justice

Illinois’ Shelter In Place Order: Explained

On March 21, 2020, the Governor of Illinois instituted a mandatory “shelter in place” executive order that has been extended until April 30, as of now. The order can be summed up as this: except for a few exceptions, you need to stay home.

Essentially, you are only allowed to leave home for:

  1. Essential tasks. This includes grocery shopping, walking pets, getting outdoor exercise alone, or with a household member.
  2. Essential jobs: the Governor’s order outlines who qualifies to leave the house to go to work. While places like hair salons and dine-in restaurants are not allowed, professional services and critical labor are allowed.
  3. Essential travel: this includes custody exchanges for children and to care for the elderly.

The stay at home order has left many people wondering: if I violate the order, is it a crime?

Technically, it is a violation of Chicago’s municipal code not to stay at home when required to do so. This can be punishable by a fine or by an arrest as it is a failure to obey a health order. This is an ordinance violation and is less serious than a misdemeanor or felony which would appear on your criminal record.

Chicago police are authorized to give you a ticket with a fine of $500, or they can arrest you.

However, the Governor and the Mayor of Chicago have all stressed that this Order is meant to be in the best interest and health of everyone, and in that spirit, you should stay home. The City’s website has a list of a lot of frequently asked questions. There, the City of Chicago stresses this Order is not meant to punish anyone, but it is mandatory. The City tries to instill in the residents it is their responsibility to “do your part” by staying home.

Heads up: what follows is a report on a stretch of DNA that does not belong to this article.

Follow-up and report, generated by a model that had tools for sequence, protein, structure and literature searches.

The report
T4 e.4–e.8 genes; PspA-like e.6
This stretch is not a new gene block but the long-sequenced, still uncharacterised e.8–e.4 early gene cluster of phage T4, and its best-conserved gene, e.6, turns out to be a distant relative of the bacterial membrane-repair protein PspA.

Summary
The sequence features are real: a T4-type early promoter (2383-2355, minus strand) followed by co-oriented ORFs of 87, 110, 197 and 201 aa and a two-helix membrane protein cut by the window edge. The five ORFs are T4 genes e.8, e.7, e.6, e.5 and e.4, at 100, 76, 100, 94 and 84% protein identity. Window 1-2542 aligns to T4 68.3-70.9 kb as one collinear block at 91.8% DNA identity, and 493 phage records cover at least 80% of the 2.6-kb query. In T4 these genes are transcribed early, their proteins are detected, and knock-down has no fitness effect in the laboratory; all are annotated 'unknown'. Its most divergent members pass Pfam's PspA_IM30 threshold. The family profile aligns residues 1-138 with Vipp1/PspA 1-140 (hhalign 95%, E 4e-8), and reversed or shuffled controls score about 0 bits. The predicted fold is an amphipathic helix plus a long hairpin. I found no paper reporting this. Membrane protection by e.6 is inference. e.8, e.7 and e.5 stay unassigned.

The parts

Mayor Lightfoot has said that people should be given a warning first, but if they persist, they will be given a ticket. And if the officers have to “go beyond that” then they will arrest if need be.

The Chicago Police Department issued what’s called a “directive” or policy specifically for how to handle cases during the pandemic. You can read it here. It encourages people to issue tickets, also called an administrative notice of violation (ANOV) whenever possible. These are punishable by up to $500 fines. However, there are times when the police are required to make an arrest. These include:

  • The person is under 18
  • The person fails to produce valid ID
  • The police had to use force and a tactical response report is required
  • The likelihood the offense will continue or reoccur, or there is danger to life or property
  • Unauthorized Use of Weapon (UUW) cases
  • DUIs
  • Bond violation, order of protection violations, violations of stalking no-contact orders or domestic violence cases
  • Damage to public property
  • Other weapons violation
  • Warrant for the person’s arrest

Finally, if you are given a ticket or ANOV, you will be required to sign it. If you refuse to sign, the officer will warn you they have the right to arrest you. If you still refuse to sign, it will be up to the officer to decide if he wants to arrest you.

We encourage everyone to stay safe. If you encounter a situation where you are accused of violating the shelter in place order, please reach out to us for help.

Categories